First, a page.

Hatfield man banned from calling police over parking and vehicle-related issues
PUBLISHED: 12:45 22 November 2017 | UPDATED: 12:52 22 November 2017
Danny Loo Photography 2017
A Hatfield charity shop manager is “very upset” after receiving a community protection warning banning him from calling the police non-emergency number, 101.
Shane Scott, who lives in the Bishops Rise area of Hatfield, was shocked to be given the ban on Saturday, November 18.
According to the warning letter, police state the reason for the order is as follows: “Persistent calls to the police control room in relation to parking issues and other vehicle and bike issues over a significant period of time.
“These persistent calls are having a significant impact on control room staff being able to answer other calls from the public.
“In the last six weeks you have made 20 calls to police about parking issues.”
The warning bans Mr Scott from “calling police in relation to parking issues and to direct these issues to Welwyn Hatfield Council who have responsibility for parking enforcement”.
The warning letter also states: “In relation to any other vehicle issues, you must not call the police non-emergency number.
“You must communicate such incidents to the police via email or letter.”
Mr Scott, 34, told the Welwyn Hatfield Times: “If I call the police about any cyclists or parked cars on the pavement or dangerous driving, the police will fine me or take me to court.
“They say to me it’s having a detrimental impact on their call volumes.
“It usually takes me 30 minutes to get through and they say the reason it takes 30 minutes to get through is ‘because of people like you’.
“They don’t want to do their job. They’re too lazy.
“Last night there were cars skidding round the roundabout and normally I would phone up but if I do, I would get into trouble.
“In Chantry Lane cars are parked along the pavement and lane causing an obstruction.
“They also drive in and out, dropping litter and driving recklessly or dangerously.
“I phone up about the cyclists racing up and down the footpath with no lights on at night.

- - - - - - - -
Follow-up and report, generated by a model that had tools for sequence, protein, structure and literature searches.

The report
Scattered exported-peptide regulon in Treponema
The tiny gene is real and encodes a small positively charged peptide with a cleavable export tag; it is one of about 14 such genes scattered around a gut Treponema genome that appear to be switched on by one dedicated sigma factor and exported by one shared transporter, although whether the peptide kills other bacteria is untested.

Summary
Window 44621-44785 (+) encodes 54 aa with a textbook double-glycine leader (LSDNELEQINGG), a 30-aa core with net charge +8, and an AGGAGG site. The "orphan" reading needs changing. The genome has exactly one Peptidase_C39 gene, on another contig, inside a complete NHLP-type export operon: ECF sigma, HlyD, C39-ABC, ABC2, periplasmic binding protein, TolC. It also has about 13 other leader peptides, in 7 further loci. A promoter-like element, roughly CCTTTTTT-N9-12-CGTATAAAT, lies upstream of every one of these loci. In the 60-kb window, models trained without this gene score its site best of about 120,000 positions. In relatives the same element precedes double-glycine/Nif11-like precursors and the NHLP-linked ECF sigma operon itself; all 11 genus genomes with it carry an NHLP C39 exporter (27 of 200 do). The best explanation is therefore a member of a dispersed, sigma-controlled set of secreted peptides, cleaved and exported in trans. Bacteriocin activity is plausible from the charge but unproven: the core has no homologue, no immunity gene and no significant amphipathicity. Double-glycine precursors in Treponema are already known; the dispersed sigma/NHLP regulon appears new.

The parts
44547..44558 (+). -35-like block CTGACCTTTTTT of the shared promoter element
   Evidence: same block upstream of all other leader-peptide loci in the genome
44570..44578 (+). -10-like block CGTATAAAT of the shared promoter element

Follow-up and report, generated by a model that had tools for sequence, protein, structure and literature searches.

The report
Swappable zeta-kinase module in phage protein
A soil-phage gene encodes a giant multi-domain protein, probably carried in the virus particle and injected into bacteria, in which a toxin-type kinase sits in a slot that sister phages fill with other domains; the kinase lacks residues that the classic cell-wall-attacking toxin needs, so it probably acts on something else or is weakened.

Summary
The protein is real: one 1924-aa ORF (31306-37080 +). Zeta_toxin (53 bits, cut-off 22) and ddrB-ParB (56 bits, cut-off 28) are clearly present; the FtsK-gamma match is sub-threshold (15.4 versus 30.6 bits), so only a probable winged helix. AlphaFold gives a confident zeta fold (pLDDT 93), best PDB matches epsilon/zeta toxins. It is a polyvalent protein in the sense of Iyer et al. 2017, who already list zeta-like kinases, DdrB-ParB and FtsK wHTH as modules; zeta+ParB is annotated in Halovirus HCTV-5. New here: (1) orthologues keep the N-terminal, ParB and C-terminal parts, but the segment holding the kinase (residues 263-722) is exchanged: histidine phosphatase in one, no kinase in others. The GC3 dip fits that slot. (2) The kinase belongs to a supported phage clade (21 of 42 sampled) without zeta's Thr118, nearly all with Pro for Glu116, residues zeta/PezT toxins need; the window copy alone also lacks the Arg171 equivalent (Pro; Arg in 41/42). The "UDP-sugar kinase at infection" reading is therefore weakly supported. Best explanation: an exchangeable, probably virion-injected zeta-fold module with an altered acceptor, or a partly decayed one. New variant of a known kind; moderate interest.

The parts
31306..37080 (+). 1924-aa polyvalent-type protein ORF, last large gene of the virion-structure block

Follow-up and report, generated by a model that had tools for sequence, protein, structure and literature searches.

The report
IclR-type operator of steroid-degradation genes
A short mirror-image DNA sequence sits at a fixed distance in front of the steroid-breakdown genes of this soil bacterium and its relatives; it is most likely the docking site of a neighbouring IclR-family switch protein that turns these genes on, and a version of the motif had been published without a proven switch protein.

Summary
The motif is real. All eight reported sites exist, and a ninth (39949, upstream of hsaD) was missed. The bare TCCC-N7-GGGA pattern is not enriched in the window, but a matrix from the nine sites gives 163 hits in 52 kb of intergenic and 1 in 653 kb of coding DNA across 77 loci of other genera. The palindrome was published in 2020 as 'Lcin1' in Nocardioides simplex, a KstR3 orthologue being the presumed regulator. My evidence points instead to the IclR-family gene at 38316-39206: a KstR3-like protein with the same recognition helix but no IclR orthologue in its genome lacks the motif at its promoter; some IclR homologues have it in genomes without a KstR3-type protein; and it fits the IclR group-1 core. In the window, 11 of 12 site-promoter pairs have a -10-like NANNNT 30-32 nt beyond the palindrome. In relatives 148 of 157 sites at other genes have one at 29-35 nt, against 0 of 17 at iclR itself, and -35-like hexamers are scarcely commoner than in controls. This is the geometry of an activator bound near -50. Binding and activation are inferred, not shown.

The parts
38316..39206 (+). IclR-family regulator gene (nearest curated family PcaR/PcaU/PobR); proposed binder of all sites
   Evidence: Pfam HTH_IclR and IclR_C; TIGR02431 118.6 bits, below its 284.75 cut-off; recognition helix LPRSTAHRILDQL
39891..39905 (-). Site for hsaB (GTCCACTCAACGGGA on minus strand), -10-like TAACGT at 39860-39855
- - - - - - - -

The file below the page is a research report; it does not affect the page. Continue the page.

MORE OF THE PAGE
“Bishops Rise has a public footpath and it’s not a cycle lane.
“Last night I was walking the dog and two cyclists nearly knocked me over.”
Referring to the police warning, Mr Scott said: “I’m very upset because the police are meant to be there to help us.
“I’m not allowed to phone up about any traffic related issues or anything to do with motorists or cyclists.
“I’m a local resident in the community.
“I do five days a week voluntary work.
“It’s out of order serving me this order.
“For the local police to treat me like that, it’s wrong.
“They should be here to serve and protect the public, not stop the public from making phone calls.
“Everyone I have spoken to about this says it is wrong.”
Mr Scott said he had been advised to put all his concerns into a weekly email to police.
Sergeant Pauline Flanagan, from the Hatfield Safer Neighbourhood Team, said: “We have issued Mr Scott with a community protection warning, under the Anti-Social Behaviour, Crime and Policing Act 2014, due to the persistent number of calls he is making to our non-emergency number 101.
“In the past six weeks he has made 20 calls to our control room, which is having an impact on communications operators who are then not able to answer other calls from the public.
“The local authority has responsibility for parking enforcement, however Mr Scott has been advised that if a crime is in progress or there is threat to life, he can call us on 999.
“Mr Scott has been advised that he can make contact with us around any parking issues via our email address.
“As an alternative to picking up the phone, you can now report crime or concern online at www.herts.police.uk/report or speak to a communications operator on web chat here at https://www.herts.police.uk/Information-and-services/About-us/Contact.aspx
“If you misuse 101 or 999, we can take action against you.”
Who is responsible for what
Welwyn Hatfield Council is responsible for enforcement action where there are parking restrictions on roads and these are being breached.
The council would also get involved if a resident gets in touch about an obstruction across a dropped curb in front of a residential driveway.
An obstruction that may prevent the emergency services getting down a road, for example a parked car, is considered a matter for police.
Cycling along a pavement or walkway is considered a matter for police.
The county council has a general duty to reduce accidents on roads by installing traffic calming or other highway improvements.
Dangerous or reckless driving is a matter for the police.